Peter Lynch is one of the most successful investors and a mutual fund manager. Between 1977 and 1990, the fund he managed is regarded as the best performing mutual fund in the world which gave an average annual return of 29.2 percent. He has also authored a number of books on stock market investments including Beating the Street and One Up On Wall Street.
For stock market traders and investors, the quotes of Peter Lynch can be very helpful while picking stocks. They can also learn the basics of investing from his quotes.
1. Whenever you invest in any company, you’re looking for its market cap to rise. This can’t happen unless buyers are paying higher prices for the shares, making your investment more valuable.
2. The trick is not to learn to trust your gut feelings, but rather to discipline yourself to ignore them. Stand by your stocks as long as the fundamental story of the company hasn’t changed.
3. People who succeed in the stock market also accept periodic losses, setbacks, and unexpected occurrences. Calamitous drops do not scare them out of the game.
4. Know what you own, and know why you own it.
5. It takes remarkable patience to hold on to a stock in a company that excites you, but which everybody else seems to ignore. You begin to think everybody else is right and you are wrong. But where the fundamentals are promising, patience is often rewarded—Lukens stock went up sixfold in the fifteenth year, American Greetings was a sixbagger in six years, Angelica a sevenbagger in four, Brunswick a sixbagger in five, and SmithKline a threebagger in two.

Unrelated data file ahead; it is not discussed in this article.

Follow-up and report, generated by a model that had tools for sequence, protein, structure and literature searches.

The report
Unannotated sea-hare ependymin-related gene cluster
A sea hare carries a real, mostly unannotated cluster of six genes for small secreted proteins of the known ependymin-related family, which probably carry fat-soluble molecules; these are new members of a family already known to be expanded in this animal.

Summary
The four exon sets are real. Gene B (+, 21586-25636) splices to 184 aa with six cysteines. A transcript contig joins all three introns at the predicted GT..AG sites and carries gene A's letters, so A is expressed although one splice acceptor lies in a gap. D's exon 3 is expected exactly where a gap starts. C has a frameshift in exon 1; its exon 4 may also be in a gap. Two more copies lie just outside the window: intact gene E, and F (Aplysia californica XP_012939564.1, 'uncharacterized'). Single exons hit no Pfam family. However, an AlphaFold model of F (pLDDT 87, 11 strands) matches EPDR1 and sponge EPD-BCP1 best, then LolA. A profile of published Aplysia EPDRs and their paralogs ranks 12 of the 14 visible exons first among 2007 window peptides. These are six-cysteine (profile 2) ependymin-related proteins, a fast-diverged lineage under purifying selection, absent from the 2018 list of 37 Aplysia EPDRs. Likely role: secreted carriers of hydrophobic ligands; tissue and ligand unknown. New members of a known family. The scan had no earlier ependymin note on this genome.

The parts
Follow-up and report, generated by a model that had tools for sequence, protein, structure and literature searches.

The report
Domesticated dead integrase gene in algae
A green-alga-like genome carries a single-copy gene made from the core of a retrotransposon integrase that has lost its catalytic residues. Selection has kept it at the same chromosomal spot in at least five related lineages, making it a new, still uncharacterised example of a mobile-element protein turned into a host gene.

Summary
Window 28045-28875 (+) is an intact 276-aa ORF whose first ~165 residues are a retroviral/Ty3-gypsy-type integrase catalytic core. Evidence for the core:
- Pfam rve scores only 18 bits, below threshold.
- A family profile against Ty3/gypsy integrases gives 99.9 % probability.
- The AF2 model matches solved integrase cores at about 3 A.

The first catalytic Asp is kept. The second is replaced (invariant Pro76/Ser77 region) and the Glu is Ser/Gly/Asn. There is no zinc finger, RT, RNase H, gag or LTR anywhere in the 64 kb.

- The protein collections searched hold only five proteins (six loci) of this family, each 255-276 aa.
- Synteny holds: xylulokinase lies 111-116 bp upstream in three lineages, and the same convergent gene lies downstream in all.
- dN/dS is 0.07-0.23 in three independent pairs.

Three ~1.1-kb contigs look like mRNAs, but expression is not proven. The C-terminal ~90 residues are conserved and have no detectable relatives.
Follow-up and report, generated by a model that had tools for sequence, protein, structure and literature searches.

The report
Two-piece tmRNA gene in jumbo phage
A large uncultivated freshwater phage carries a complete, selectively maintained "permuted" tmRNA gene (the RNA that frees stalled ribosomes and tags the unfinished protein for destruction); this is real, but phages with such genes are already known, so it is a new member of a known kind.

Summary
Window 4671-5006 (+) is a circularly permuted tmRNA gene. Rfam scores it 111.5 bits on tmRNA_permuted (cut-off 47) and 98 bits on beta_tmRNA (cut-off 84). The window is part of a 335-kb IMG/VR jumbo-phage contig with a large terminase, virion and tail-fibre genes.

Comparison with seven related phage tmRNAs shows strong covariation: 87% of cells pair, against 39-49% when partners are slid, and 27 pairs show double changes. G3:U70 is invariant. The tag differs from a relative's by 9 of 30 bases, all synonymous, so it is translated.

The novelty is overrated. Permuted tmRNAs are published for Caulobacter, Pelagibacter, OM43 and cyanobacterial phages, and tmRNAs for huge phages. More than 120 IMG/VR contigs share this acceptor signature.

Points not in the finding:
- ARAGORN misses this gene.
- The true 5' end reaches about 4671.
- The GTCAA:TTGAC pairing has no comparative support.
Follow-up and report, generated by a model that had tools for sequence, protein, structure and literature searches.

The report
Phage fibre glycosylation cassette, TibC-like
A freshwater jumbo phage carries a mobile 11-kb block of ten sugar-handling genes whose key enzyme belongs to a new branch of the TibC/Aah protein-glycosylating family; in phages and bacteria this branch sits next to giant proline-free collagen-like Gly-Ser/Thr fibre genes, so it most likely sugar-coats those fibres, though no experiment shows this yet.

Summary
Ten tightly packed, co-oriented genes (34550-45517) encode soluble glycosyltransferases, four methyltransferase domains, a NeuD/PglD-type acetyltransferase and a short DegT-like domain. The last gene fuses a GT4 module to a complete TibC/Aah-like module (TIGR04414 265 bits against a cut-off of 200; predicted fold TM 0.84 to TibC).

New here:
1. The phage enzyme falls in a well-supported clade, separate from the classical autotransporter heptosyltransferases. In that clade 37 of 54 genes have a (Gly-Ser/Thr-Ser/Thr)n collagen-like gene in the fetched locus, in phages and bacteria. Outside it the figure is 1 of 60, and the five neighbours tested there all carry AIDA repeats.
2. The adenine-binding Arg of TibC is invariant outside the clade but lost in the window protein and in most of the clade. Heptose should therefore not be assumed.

6. If you can follow only one bit of data, follow the earnings—assuming the company in question has earnings. As you’ll see in this text, I subscribe to the crusty notion that sooner or later earnings make or break an investment in equities. What the stock price does today, tomorrow, or next week is only a distraction.
7. Go for a business that any idiot can run – because sooner or later any idiot probably is going to be running it.
8. Peter Lynch doesn’t advise you to buy stock in your favorite store just because you like shopping in the store, nor should you buy stock in a manufacturer because it makes your favorite product or a restaurant because you like the food. Liking a store, a product, or a restaurant is a good reason to get interested in a company and put it on your research list, but it’s not enough of a reason to own the stock! Never invest in any company before you’ve done the homework on the company’s earnings prospects, financial condition, competitive position, plans for expansion, and so forth.
9. This is one of the keys to successful investing: focus on the companies, not on the stocks.
10. The lesson here is: don’t spend a lot of time poring over the past performance charts. That’s not to say you shouldn’t pick a fund with a good long-term record. But it’s better to stick with a steady and consistent performer than to move in and out of funds, trying to catch the waves.